Become a productive powerhouse


High performance isn’t just for former finance ministers, finds Piers Cain

Improving productivity has been a concern, nay the obsession, of successive British politicians, notably of George Osborne when he was Chancellor of the Exchequer. Osborne was thinking mainly of the need for strategic investment in science, technology and infrastructure to drive change across the industries, rather than improving individual productivity. In recent weeks, he seems to have switched his focus, demonstrating how one person can hold down several substantial roles and earn a fortune – a sort of one-person Northern Powerhouse. We await with interest Osborne’s ‘how to’ book revealing his secret recipe. In the meantime, readers will have to make do with How to be Really Productive by Grace Marshall.

There are some people who regard self-help books of this sort as the work of the Devil, of use only to those who have no clue how to organise themselves or get things done. Marshall doesn’t help herself by adopting a breathless, relentlessly upbeat, ‘inspirational speaker’ style, which may put off some readers. This is a pity. The book won the ‘Commuter’s Read’ category of CMI Management Book of the Year – deservedly so. I challenge the reader not to find something worthwhile in it.

Marshall has a healthily realistic perspective on the world of work in the 21st century. People work from home, as well as in noisy, distracting open-plan offices – allegedly introduced to improve choice and team dynamics, but really to save money on floor space. (When is the last time you saw a chief executive with the senior team working in an open-plan office?) ‘Always online’ mobile technology means that some people are checking their emails even at 2am, while in bed, and some bosses expect them to do so. Parents – still mainly mothers – have to juggle family responsibilities with work deadlines. The boundaries between work and ‘the rest of our life’ – both the physical and social space in which work takes place and the hours in which we work – have become completely blurred. Marshall points out that the notion of ‘work-life balance’ has become virtually irrelevant because firm boundaries are hard to maintain and the volume of work has become unmanageable. A more realistic aspiration is to achieve an acceptable work-life rhythm and Marshall provides some practical ideas on how to achieve this.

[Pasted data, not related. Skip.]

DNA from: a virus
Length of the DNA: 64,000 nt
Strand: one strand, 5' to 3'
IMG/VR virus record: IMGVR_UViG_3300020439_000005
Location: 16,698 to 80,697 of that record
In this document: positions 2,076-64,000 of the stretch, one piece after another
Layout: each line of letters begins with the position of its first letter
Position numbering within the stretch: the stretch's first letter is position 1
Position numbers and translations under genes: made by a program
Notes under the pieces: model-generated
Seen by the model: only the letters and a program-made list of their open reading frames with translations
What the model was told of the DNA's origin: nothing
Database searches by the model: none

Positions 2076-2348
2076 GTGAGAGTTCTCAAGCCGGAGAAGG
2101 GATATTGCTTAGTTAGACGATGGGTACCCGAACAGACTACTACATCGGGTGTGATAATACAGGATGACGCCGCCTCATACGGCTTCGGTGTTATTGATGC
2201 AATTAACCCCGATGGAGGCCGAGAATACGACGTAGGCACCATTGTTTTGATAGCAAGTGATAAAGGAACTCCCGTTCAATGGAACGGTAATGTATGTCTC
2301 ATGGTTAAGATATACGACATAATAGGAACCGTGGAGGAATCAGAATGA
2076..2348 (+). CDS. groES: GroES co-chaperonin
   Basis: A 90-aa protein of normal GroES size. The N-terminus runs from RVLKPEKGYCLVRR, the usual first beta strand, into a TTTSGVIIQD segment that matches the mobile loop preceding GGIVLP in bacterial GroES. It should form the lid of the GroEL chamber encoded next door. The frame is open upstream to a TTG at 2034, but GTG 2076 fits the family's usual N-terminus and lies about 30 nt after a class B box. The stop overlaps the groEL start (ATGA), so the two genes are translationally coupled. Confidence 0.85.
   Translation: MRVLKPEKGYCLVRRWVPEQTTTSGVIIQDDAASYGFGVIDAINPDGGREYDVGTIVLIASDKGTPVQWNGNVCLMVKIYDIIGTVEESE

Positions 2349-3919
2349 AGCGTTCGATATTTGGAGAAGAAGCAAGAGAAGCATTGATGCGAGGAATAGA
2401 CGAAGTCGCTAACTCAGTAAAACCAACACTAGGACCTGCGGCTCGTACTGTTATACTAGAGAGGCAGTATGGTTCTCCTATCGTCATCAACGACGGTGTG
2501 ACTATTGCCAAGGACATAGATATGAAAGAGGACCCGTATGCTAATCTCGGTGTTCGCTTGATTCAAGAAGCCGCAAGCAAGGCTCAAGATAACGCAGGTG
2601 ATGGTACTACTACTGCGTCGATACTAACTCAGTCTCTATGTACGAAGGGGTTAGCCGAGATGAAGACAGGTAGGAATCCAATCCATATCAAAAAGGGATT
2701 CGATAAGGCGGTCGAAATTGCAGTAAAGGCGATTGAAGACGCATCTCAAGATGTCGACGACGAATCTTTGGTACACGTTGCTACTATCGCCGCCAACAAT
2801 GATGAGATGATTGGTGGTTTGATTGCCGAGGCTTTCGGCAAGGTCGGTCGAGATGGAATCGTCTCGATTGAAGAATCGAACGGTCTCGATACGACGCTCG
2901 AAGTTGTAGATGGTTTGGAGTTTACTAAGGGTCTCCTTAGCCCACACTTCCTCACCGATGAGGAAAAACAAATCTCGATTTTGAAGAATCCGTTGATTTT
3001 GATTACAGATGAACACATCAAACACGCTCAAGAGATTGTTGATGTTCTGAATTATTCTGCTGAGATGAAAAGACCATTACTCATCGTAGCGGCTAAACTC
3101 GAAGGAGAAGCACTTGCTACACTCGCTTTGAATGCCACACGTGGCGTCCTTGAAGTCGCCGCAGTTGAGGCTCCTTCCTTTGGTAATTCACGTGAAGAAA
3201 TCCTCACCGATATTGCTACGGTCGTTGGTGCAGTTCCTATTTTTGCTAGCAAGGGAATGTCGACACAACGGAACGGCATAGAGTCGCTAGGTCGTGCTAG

Marshall’s other key insight is the importance of aligning personal satisfaction, life objectives, and one’s own psychology to the way we approach work, we decide our priorities, set our boundaries, and organise ourselves. Anyone familiar with a coaching approach will recognise much of what Marshall says. Still, it is entirely sensible to recognise that one of the reasons we are less productive or successful than we might be, is that we are often working against the grain of our own emotions, our personalities, our body rhythms and mental processes. If this seems a bit too New Age for you, you may wish to dip in and out of some chapters. Indeed, the last couple of chapters do feel a bit padded.

Overall the book has a practical feel – quite appropriately so. Every chapter concludes with a set of questions to help you develop insights about your own motivations, issues, weak spots and actions you can take to move things forward. I tried these out and personally found them useful even though I have done a similar test before.

The work of the Devil? No. Heard it before? Possibly – although its clearly competent and eminently readable. Not every book has to be ground breaking. Still, even if you simply wanted to focus on what matters to you and pick up some ideas on how to achieve more, pick up this book. You will almost certainly find in within it something for you.


How to be Really Productive:  achieving clarity and getting results in a world where work never ends 

Grace Marshall

Pearson Education